Which road systems were built along Native American trail ways, and why? This research question, formulated by Molly Leech ’17 for her senior thesis in Anthropology and Sociology under the supervision of Professor Andrea Smith, represents the sort of historic geographic scholarly inquiry that John Clark, Data Visualization GIS Librarian, loves to support in his role at Skillman Library Digital Scholarship Services (DSS). John offers a “Making Maps” workshop series at the Skillman Library that introduces students, faculty, and librarians to such tools as Google Maps, Social Explorer, and ArcGIS, a popular desktop GIS (Geographic Information Systems) application available to the Lafayette community at Skillman. He also supports faculty and student research projects such as Molly’s. While attending John’s “Making Maps” workshops to learn about digital tools she might use to explore her thesis topic geographically, Molly had the opportunity to share her research question with John, and she now works closely with him on a substantive GIS component for her thesis.
According to John, “maps and geographic understanding are relevant to nearly every major at the college–from Environmental Science to History to Civil Engineering and all points in between. Furthermore, mapping software has become simpler to use so that students can create their own geospatial data from spreadsheets or by extracting information from historic maps. This data can then used to make their own custom maps. I can assist students, whether it’s finding the right map online for a class assignment or assisting them with mapping software so that they can create maps from their own research.”
Molly explains that a geographic lens has been central to the development of her research. “My thesis retraces the history of two former Indian trails that intersect at the historic ‘Four Corners’ of Shrewsbury, New Jersey. By contextualizing maps from the late seventeenth century to present day with archival source material such as town histories and newspaper articles, I hope to reveal how these Indian trails transitioned to early colonial and present-day roads. This research allows me to explore the processes involved in the creation of a settler sense of belonging as well as the politics of street-naming and place-making.”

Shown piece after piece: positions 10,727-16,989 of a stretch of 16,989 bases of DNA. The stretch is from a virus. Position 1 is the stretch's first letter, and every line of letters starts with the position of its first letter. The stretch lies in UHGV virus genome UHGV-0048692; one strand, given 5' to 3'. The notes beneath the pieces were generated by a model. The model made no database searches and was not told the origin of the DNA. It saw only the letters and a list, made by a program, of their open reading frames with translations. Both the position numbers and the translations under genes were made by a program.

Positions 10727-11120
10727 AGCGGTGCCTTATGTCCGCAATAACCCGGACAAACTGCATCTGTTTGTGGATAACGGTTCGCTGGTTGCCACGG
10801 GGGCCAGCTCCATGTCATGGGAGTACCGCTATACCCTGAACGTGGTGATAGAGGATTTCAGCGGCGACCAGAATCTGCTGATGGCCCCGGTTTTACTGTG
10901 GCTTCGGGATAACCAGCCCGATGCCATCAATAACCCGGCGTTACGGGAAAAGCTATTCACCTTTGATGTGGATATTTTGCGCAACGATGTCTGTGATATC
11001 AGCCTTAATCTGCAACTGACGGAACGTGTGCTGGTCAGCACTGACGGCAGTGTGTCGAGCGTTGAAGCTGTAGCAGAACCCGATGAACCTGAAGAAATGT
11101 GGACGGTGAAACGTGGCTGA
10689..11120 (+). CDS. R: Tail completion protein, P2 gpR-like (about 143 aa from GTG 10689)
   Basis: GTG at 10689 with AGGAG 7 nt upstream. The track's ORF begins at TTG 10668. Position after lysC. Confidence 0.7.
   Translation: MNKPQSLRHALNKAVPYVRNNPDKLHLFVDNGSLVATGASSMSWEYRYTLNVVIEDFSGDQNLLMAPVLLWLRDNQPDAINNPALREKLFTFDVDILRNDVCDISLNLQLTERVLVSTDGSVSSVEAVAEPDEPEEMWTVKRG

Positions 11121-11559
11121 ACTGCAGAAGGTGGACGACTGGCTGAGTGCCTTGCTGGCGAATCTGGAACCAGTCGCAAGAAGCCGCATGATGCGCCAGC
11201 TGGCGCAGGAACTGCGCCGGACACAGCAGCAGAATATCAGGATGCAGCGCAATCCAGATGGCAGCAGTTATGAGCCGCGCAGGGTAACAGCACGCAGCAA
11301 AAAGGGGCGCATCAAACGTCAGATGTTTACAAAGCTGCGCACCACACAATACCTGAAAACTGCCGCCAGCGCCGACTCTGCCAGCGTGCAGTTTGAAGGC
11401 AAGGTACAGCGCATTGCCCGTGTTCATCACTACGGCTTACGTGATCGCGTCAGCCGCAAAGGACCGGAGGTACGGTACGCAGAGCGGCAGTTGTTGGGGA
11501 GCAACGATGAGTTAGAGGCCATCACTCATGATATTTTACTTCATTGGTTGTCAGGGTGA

Molly emphasizes that the GIS component of her thesis is crucial to understanding her topic. “It’s not an easy job to try to locate these former Indian trails on the landscape–archival sources often use long-gone farms and homesteads as geographic points of reference. Luckily, with the help of John Clark, I’ve been able to use archival maps from the same time period as my sources to retrace the Indian trails and then overlay present-day road maps onto this data. When I began my thesis research, I didn’t expect to be using GIS, but now, these compiled maps will be presented as part of my thesis to help re-conceptualize our surroundings and challenge the dominant narrative of Northeastern American colonial history.”
For Molly, her GIS exploration is thus central to her critical examination of settler colonial narratives in American history. “There’s something to be said about the fact that we don’t tend to talk about the fact that many of the roads we drive on are former Indian trails. When we think of pre-colonial America, the dominant narrative is that settlers encountered an untamed wilderness; the idea of the intrepid pioneer is glorified. However, it makes complete sense that a settler nation would make use of the indigenous populations’ trails, and indeed start to settle along them. When we are conscious that we are driving on former Indian trails, we are reminded of our colonial history and we become more conscious of the longtime presence of Native Americans on the land.”
Are you interested in incorporating a mapping component in your research or teaching? Contact John Clark at firstname.lastname@example.org.